Stjernholm enjoyed both the conference and the country. “I’ve learned heaps of things. Among the most usable to me: interpretation techniques within easy read, accessibility to the arts and some amazing tech-projects.” He says that, “Israel is a beautiful country. I am impressed by the high aims of accessibility, and the use of the law to enforce it,” referring to a law where government-funded bodies with more than 100 employers are committed to ensuring that at least five percent of its workforce are employees with disabilities.

IRISH INCLUSIVITY activist, Caroline Casey – whose TED Talk, “Looking Past Limits,” has had more than 2.2 million viewers – described learning about her near total blindness due to ocular albinism – she had unknowingly been diagnosed with it as a child – at age 17. She left a promising career in managing consulting and has committed her career to inclusion in general, and to inclusion in the work place in particular.

Casey was curious to visit Israel for the first time, since her father had shared stories about his time here in the early 60s while he was living on a kibbutz. Prior to her visit, she noted that: “Over the years, I have witnessed the extraordinary development and impact of Access Israel. It has truly amazed me how far both the country and the organization have come in their accessibility journey.”

The inclusivity activist loved what she saw and experienced in Israel. “The food, the archaeology, the history, the heat, the sense of historic civilization – for an ex-archaeologist – unbelievable,” reported Casey. “But no doubt: The real draw was and is the people. I love their energy, their straightness, their attitude to “getting stuff done”; their warmth, humor and ambition. They seem to work with the intention of solutions, not problems.”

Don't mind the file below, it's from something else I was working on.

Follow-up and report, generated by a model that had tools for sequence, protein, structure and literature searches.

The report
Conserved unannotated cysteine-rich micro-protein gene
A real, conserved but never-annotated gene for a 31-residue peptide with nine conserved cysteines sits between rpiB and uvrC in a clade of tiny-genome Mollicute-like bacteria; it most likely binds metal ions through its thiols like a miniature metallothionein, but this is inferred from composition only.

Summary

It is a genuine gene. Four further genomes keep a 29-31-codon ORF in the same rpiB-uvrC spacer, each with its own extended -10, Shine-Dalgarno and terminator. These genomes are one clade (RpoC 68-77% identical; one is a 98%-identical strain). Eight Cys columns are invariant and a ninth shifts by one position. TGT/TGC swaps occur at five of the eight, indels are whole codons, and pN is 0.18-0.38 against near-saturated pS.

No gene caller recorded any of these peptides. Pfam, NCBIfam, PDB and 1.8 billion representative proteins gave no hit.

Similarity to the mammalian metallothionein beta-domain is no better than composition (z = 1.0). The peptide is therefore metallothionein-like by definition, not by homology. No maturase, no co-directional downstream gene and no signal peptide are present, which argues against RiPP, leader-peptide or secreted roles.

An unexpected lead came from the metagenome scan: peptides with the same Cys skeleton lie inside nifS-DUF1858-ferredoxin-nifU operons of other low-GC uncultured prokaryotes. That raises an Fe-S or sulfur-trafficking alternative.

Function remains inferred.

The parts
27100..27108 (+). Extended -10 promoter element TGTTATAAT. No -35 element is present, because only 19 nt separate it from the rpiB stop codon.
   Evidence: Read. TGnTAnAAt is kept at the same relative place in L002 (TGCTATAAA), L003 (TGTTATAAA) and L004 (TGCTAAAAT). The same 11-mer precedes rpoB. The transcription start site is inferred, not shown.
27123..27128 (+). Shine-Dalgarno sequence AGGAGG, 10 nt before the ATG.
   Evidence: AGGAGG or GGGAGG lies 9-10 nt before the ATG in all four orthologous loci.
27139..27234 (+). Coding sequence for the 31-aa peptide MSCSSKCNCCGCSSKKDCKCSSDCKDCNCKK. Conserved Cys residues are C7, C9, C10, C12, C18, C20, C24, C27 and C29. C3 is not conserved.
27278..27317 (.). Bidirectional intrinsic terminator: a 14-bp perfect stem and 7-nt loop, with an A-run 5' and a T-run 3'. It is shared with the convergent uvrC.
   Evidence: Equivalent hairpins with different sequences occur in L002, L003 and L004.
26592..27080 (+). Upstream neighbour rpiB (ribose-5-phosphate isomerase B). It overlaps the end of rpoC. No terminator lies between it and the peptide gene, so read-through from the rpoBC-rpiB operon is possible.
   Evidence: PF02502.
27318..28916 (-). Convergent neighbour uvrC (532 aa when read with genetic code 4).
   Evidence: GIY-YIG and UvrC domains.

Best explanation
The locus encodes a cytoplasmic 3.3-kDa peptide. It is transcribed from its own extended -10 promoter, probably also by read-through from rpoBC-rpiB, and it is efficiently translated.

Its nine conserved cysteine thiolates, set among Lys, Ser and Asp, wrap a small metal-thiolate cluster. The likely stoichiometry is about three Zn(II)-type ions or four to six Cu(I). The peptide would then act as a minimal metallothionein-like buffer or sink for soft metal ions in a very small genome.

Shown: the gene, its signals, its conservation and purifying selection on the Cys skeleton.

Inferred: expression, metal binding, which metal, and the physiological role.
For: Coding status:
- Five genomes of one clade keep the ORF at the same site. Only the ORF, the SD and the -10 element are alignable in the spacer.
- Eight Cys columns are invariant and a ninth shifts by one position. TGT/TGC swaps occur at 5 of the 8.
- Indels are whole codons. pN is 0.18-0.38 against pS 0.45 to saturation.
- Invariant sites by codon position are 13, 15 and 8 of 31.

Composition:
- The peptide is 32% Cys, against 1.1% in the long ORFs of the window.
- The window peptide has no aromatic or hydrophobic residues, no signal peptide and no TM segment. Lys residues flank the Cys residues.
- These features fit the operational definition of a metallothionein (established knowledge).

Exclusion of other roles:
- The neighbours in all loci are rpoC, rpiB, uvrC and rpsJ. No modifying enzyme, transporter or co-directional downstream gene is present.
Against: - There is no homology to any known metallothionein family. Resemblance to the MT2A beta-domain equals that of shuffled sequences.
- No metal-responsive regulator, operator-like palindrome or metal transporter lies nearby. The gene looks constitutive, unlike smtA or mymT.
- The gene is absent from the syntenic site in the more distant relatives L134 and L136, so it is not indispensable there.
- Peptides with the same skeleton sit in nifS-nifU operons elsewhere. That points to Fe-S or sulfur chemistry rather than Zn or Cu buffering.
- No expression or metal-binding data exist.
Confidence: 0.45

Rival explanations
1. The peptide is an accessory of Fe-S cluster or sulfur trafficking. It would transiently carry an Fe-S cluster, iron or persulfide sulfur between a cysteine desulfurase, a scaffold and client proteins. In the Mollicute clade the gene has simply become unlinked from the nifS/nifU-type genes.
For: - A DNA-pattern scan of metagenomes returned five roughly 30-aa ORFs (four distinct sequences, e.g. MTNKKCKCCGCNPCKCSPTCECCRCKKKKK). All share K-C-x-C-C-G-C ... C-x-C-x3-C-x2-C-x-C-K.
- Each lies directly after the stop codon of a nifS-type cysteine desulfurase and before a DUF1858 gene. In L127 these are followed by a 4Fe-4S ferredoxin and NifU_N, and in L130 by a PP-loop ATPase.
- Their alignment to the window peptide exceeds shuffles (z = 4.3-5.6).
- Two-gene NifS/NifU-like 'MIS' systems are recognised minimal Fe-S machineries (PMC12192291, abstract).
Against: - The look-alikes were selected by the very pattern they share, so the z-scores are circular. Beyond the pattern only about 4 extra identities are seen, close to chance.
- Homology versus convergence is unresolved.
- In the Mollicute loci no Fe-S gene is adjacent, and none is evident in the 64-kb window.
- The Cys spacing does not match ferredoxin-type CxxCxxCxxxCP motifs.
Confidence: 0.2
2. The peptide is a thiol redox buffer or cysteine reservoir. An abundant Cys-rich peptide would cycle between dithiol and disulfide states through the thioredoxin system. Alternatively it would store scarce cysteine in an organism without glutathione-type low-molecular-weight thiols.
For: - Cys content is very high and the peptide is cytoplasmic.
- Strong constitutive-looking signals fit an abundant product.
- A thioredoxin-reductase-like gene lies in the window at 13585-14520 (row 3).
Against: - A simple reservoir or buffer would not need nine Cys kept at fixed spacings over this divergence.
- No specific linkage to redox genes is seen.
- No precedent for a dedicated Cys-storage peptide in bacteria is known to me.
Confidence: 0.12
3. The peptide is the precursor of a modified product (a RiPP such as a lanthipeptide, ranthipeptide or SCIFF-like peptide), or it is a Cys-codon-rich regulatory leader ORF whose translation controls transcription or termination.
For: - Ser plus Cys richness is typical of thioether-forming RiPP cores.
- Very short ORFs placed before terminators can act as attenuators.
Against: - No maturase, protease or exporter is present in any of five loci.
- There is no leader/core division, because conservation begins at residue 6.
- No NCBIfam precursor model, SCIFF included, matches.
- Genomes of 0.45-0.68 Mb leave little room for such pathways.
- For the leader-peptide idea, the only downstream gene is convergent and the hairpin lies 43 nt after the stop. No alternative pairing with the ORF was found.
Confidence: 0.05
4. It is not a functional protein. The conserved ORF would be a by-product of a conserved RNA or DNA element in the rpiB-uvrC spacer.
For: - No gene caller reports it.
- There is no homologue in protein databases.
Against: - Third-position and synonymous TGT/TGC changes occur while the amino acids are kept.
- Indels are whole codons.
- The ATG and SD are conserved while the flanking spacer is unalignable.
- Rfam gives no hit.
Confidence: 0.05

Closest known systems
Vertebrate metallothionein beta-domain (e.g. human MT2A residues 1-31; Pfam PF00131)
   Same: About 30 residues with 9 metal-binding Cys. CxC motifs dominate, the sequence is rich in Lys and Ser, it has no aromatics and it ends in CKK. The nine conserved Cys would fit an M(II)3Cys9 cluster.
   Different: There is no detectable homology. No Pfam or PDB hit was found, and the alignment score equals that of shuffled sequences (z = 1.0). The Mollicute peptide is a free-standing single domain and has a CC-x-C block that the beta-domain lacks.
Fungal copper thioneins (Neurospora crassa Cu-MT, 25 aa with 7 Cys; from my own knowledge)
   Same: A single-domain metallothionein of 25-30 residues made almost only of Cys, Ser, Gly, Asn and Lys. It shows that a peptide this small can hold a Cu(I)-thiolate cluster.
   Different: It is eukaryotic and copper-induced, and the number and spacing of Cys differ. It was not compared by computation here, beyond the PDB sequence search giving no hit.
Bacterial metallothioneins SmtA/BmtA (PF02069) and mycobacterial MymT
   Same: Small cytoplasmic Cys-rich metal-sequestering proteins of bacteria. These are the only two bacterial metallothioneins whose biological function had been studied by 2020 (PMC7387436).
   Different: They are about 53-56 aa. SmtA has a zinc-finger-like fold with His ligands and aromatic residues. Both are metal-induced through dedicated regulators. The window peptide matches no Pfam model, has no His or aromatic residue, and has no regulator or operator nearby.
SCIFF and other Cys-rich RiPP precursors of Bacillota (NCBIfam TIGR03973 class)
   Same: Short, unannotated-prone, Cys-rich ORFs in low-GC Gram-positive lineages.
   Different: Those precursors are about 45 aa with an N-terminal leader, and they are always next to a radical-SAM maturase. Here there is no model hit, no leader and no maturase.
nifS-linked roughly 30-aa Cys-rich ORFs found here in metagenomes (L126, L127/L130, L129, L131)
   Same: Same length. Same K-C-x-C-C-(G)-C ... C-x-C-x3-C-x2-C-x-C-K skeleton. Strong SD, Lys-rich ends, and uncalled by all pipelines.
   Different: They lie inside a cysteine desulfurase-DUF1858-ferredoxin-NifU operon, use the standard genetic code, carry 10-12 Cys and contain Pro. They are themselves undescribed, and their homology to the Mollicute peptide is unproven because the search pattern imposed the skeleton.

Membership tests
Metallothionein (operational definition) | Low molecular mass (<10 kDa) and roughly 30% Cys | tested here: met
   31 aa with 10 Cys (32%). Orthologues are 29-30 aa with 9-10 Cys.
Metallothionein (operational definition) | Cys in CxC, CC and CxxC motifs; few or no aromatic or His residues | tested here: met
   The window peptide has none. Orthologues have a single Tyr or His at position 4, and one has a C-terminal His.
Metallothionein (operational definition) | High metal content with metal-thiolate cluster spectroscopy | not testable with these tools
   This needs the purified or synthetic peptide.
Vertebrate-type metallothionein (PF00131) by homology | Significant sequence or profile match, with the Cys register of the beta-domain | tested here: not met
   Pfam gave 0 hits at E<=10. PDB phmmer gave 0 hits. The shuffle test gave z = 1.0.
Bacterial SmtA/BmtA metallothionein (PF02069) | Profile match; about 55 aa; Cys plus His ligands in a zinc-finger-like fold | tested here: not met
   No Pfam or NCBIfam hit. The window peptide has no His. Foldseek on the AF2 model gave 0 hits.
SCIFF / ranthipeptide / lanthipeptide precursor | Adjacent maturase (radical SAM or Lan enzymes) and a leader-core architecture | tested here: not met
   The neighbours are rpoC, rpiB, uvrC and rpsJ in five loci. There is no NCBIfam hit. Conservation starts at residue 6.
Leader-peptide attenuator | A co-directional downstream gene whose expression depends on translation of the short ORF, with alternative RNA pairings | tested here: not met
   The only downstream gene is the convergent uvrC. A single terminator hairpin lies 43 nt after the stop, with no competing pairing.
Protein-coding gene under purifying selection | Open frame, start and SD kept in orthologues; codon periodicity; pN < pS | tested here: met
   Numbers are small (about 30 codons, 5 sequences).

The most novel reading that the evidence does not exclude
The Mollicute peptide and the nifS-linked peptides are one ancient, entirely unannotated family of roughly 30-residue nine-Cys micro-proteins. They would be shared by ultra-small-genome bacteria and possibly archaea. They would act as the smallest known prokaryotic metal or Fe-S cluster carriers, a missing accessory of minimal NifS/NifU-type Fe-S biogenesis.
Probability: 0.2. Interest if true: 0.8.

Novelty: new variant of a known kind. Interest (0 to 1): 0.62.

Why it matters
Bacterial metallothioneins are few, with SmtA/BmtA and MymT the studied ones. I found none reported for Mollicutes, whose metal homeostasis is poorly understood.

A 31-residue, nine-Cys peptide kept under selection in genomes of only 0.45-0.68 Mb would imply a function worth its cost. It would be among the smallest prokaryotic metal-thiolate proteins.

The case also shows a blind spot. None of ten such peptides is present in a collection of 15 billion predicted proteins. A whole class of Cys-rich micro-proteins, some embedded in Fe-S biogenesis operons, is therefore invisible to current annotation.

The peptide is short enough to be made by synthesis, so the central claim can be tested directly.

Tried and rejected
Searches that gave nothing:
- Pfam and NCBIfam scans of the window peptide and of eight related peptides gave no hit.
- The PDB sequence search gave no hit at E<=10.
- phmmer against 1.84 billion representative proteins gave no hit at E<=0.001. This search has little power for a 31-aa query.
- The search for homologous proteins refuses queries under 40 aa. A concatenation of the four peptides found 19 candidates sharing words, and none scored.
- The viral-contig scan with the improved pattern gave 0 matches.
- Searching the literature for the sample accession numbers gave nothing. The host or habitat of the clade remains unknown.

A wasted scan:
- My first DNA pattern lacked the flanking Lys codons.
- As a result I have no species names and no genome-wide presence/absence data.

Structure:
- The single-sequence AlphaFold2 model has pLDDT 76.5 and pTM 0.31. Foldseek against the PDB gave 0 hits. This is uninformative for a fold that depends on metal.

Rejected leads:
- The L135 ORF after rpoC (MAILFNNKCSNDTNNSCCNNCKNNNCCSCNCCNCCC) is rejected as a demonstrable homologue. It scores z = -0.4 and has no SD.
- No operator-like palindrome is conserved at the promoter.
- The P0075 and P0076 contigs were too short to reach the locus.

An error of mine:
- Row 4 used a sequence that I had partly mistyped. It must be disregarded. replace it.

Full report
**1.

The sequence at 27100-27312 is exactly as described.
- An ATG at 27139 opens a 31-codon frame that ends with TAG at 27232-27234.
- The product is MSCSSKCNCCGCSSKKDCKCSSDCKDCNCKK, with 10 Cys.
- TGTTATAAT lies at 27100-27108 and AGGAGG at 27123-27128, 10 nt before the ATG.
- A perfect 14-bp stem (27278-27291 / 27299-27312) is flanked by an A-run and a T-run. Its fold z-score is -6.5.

Casey followed Space IL co-founder Yariv Bash and Bank HaPoalim CTO, Haim Pinto, by delivering what were billed as “Inspiring Opening Lectures” on the Sunday of the conference. Casey, like most attendees, raced between sessions, met with colleagues and made many new friends.

And she never stopped appreciating the fact that she was in Israel. “It was so great to go to a global conference like that and it not be in the ‘typical’ place,” she said. “I think we can learn a huge amount by going to different places and immersing ourselves in cultures completely different from our own – and I knew so little about Israel, I wanted more time there – much more.”

Casey and hundreds of others will surely be back for next year’s 8th International Conference.

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by Meredith Jacobs

Taglit-Birthright Israel’s 10-day trip to Israel has a mission to connect young Jews, ages 18 to 26, not only with Israel, but with their Jewish identity and each other. Once a year, a very special trip takes place for young adults for whom making connections is a challenge. The participants on this Birthright trip have Asperger’s Syndrome.